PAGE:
background information and criteria.*
Author Deborah Willis (of Vanishing and Other Stories) recently said in an interview with The Afterword, "And maybe that's why many novels try my patience. Often they seem padded and baggy, as though the writer was more worried about the word-count than anything else. I read these and think, "Why is all of this necessary? This could have been said in 20 pages."
I didn't finish The Toss of a Lemon. After Reading by Lightning I had no desire to put myself on the rack again. But, I did give'er a fair 100 pages. The reason I decided not to continue that the book felt "baggy." It's far too wordy and not tightly plotted in the least.
I know this is supposed to mean the book is 'epic' or some shiz but that doesn't mean pacing and plot development have to go down the drain. I started reading reviews on Amazon that gave lukewarm kudos but warned that nothing really happened. It's a book, for the love of Pete, not one of those 15 minute long tracks that bands sometimes sneak into their albums, the kind with endless feedback and guitar noodling.
The Toss of a Lemon takes place in India around the turn of the 20th century. It concerns Sivakami, a member of the Brahmin class (educators/scholars), who is married off at 10 and widowed at 18. She is forced to take on the leper-like existence of a widow - she cannot be touched between sunrise and sundown, she must wear widows weeds (white saris), she must stay out of sight as a glimpse at her is considered bad luck. Apparently her son rebels against his caste identity causing much hoopla and this is all set against 60 years of massive chance in India's history.
So, I wasn't taken with the book (again). Let's use my criteria to see if it classifies as part of the Canon:
1. Cover: Fail. In hardcover we get the full beige treatment (to indicate a serious book). In paperback we're treated to an image of an actual lemon (food images appeal to the more casual female book buyer, who will wait to buy in paperback). I get the strategy but the wham-bam effect isn't there. You can't be subtle when you're a book waiting to be bought on a shelf.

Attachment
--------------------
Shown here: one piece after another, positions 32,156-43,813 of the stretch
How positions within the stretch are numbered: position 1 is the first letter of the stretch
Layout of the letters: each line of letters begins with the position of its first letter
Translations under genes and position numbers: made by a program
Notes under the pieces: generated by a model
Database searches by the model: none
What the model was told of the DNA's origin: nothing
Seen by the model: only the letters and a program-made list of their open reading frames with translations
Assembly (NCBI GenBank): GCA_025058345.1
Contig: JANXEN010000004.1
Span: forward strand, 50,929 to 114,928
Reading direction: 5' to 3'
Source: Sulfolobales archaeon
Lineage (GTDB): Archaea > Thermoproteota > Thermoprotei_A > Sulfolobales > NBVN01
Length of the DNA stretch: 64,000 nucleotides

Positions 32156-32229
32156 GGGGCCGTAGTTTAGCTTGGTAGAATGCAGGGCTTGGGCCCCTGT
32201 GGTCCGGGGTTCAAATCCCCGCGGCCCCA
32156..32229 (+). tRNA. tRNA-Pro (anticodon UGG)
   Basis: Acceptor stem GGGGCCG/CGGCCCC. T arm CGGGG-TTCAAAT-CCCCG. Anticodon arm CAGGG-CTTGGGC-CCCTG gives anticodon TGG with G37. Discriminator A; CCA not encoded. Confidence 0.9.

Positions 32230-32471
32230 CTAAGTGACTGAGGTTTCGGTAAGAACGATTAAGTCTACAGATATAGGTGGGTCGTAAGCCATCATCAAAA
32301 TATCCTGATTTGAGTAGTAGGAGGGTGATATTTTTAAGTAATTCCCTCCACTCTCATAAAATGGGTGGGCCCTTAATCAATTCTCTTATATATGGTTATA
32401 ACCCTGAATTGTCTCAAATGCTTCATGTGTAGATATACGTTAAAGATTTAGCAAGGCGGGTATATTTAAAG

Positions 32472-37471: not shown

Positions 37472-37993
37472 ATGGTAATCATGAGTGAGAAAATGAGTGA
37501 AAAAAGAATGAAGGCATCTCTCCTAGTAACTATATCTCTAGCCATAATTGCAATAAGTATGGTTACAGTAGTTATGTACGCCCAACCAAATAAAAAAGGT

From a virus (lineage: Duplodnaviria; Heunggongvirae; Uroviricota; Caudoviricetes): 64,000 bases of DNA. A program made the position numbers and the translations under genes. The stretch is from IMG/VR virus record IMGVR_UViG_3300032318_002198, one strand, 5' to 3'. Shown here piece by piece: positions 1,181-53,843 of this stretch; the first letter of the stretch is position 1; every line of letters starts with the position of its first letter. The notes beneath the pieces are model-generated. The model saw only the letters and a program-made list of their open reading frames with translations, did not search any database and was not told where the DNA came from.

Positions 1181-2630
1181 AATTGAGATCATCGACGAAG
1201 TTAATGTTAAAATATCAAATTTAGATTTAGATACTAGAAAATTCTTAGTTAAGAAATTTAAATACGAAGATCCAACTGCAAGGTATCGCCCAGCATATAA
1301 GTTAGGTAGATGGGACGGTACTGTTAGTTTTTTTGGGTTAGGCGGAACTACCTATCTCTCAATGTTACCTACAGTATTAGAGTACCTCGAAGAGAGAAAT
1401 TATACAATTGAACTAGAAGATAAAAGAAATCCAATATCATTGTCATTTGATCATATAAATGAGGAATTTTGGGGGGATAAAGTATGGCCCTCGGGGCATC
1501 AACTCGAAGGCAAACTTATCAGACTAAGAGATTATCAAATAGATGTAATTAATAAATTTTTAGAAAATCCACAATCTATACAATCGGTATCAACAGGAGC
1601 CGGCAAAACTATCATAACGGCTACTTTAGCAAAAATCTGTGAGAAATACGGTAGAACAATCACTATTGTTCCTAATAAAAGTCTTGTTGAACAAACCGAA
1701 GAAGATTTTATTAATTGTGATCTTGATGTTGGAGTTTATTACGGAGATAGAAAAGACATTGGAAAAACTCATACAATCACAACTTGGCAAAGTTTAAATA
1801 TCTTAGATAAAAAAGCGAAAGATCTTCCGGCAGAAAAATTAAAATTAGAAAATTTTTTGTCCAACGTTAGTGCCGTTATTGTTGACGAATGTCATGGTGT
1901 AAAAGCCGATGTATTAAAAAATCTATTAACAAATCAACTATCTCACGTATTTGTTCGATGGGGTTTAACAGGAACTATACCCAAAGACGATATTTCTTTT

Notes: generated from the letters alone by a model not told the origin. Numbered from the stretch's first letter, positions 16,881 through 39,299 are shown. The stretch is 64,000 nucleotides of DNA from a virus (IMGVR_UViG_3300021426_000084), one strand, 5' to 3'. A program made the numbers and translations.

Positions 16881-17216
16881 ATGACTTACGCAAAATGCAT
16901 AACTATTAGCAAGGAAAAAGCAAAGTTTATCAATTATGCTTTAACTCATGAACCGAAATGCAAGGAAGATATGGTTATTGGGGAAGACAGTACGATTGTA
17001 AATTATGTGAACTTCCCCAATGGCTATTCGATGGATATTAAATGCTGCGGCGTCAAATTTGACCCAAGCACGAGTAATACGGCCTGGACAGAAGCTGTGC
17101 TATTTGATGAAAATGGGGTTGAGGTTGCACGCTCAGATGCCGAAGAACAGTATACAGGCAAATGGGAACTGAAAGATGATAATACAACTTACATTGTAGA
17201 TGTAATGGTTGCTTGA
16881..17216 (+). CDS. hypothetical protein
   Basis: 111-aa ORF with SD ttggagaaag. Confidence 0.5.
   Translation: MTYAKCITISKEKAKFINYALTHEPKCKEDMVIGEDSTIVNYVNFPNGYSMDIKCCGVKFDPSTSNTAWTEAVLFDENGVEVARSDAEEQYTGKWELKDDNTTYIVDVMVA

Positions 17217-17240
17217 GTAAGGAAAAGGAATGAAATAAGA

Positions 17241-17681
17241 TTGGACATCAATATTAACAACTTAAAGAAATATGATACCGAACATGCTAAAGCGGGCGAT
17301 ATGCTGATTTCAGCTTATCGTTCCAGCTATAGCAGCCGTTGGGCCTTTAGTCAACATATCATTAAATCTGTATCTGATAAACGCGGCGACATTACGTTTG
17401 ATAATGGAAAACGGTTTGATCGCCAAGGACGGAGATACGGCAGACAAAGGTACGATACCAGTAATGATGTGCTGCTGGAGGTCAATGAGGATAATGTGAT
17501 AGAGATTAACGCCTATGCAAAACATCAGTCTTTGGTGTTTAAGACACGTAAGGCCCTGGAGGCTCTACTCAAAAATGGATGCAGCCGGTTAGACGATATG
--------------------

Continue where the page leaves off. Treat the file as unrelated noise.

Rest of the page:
2. Colonialism/Canadian Frontier: Fail. This gets a fail because it concerns colonial India and we all know India was part of the British empire until independence in 1947. Much in the same way that MG Vassanji's The In-Between World of Vikram Lall concerned Kenyan independence from The Empire and felt like a Canadian book, so does The Toss of a Lemon.
3. Theme of Futility/Failure: Fail. I didn't read enough of this book to pass judgement but oh well, I can kinda tell where it's going. People trapped by societal shiftings, caught between local custom and global change, powerless against both? Sounds futile to me. I know there's supposed to be redemption in here somewhere but the balancing of love's power and society's strictures is totally old school Can Lit.
4. National/regional identity: Fail. No Canadian identity here but it is totally focused upon Brahmin and Indian identity and this is a very Canadian preoccupation. No stone is left unturned - the stately pacing is supposed to echo the age of the Indian culture, the culture is meticulously detailed, the serious tone reflects the gravity of a time of massive upheaval in a global powerhouse's history. There is utter focus on who the Indian people were and how they were affected by the end of British rule.
5. Use of Humour/Irony: Pass. This book was totally humourless. While I understand that an epic book about India that spans 60 years and many sorrowful events is in need of some gravity, I couldn't handle the weight of it. In any case, there's no special brand of Canadian Irony here so the book gets a pass (actually a secret fail for depressing me).
6. Idolization/Demonization of Nature: Pass. The focus is on societies and human relations, not nature's all-powerful, all-seeing eye (kind of like the one in LOTR but with more fire).
7. Gothicism: Pass. A gothic tale of India's epic history? I wish! This book could have used some crazy people and weird supernatural shit.
VERDICT: This is old-school Can-Lit - cultural, serious, obsessed with historical detail. Judging from the glowing reviews (click link below) this book has an audience and has its merits. However, I am looking for fresh, engaging, daring. Blisteringly innovative. The Toss of a Lemon is not that.
[Ed Note: Dude, if the next shortlist title isn't any good I am going to have a massive hissy fit.]
The Toss of a Lemon/ Padma Viswanathan / Vintage Canada / Trade PB, 2009